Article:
We also know that, whether the numbers trend up or down, the change in global average temperature in the past 6,500 years has been gradual—probably less than 1 degree Celsius (1.8 degrees Fahrenheit). This is less than the warming already measured in the last 100 years, most of which humans have caused. However, because global temperature change of any magnitude is significant, especially in response to changing greenhouse gases, knowing whether temperatures were higher or lower 6,500 years ago is important to our knowledge of the climate system and improving forecasts of future climate.
What we don’t know
This study highlighted uncertainties in the climate models. If the authors’ preferred interpretation—that recent global warming was preceded by 6,500 years of global cooling—is correct, then scientists’ understanding of natural climate forcings and feedbacks, and how they are represented in models, needs improvement. If they’re incorrect, then scientists need to improve their understanding of the temperature signal in proxy records and further develop analytical tools to capture these trends on a global scale.
Attempting to resolve the Holocene global temperature conundrum has been a priority for climate scientists in the last decade; Broadman remembers reading the initial paper on this topic when she started her Ph.D. in 2016. All the studies since have added to the understanding of this issue, which gets scientists in the field closer to a comprehensive understanding. Recent studies on this topic have tried adjusting proxy data to account for their presumed weaknesses, inserting plausible forcings into climate models and blending proxy data with climate-model output, all arriving at different conclusions about the cause of the conundrum. This review takes a step back to revisit the issue with a comprehensive global-scale assessment, showing that we don’t yet know the solution to this conundrum.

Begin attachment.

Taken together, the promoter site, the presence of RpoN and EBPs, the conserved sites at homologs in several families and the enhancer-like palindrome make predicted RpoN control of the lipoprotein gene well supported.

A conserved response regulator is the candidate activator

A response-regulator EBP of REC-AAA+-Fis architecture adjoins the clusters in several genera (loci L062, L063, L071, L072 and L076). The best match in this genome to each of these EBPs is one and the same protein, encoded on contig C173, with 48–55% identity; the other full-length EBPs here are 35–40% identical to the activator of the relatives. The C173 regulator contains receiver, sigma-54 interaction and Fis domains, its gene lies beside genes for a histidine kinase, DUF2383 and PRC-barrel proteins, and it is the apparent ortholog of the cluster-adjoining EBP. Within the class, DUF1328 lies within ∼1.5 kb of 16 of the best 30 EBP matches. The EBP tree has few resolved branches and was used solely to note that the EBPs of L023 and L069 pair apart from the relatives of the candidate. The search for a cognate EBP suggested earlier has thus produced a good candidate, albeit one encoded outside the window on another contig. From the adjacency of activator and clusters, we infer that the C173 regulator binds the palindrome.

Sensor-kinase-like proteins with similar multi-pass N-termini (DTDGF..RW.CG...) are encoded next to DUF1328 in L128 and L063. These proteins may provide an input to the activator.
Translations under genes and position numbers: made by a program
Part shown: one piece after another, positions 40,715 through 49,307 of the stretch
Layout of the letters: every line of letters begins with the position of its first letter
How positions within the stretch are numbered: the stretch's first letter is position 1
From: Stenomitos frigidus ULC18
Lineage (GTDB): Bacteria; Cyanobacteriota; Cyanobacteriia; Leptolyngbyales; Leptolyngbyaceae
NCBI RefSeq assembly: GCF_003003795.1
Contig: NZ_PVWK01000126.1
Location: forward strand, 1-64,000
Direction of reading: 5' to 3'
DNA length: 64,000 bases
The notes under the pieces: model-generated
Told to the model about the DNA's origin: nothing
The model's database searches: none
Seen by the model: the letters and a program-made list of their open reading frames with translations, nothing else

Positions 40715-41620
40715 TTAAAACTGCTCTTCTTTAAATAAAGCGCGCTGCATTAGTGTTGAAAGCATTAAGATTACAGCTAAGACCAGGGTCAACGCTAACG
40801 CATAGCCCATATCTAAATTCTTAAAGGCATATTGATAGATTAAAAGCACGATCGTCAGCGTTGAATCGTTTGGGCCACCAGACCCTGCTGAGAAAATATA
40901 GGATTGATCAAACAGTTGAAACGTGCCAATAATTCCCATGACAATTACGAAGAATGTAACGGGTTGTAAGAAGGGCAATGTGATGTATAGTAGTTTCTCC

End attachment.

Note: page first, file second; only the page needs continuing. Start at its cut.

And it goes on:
Developing widely applicable methods of quantifying past temperature is a high priority for climate scientists already. For example, Kaufman’s lab is testing the use of chemical reactions involving amino acids preserved in lake sediment as a new method for studying past temperature changes. Combined with new radiocarbon dating technology from the Arizona Climate and Ecosystem lab at NAU, this technique could help determine whether global warming reversed a long-term cooling trend.
Why it matters
Broadman, whose work includes a focus on science communication, created the figures that accompany the research. This is a critical way of communicating hard-to-understand results to audiences—and in climate science, the audiences are diverse and include educators, policymakers, nonprofits and scientists throughout the world.
“One interesting takeaway is that our findings demonstrate the impact that regional changes can have on global average temperature. Environmental changes in some regions of the Earth, like declining Arctic sea ice or changing vegetation cover in what are now vast deserts, can cause feedbacks that influence the planet as a whole,” Broadman said. “With current global warming, we already see some regions changing very quickly. Our work highlights that some of those regional changes and feedbacks are really important to understand and capture in climate models.”
Additionally, Kaufman said, accurately reconstructing the details of past temperature change offers insights into climate’s response to various causes of both natural and anthropogenic climate change. The responses serve as benchmarks to test how well climate models simulate the Earth’s climate system.
“Climate models are the only source of detailed quantitative climate predictions, so their fidelity is critical for planning the most effective strategies to mitigate and adapt to climate change,” he said. “Our review suggests that climate models are underestimating important climate feedbacks that can amplify global warming.”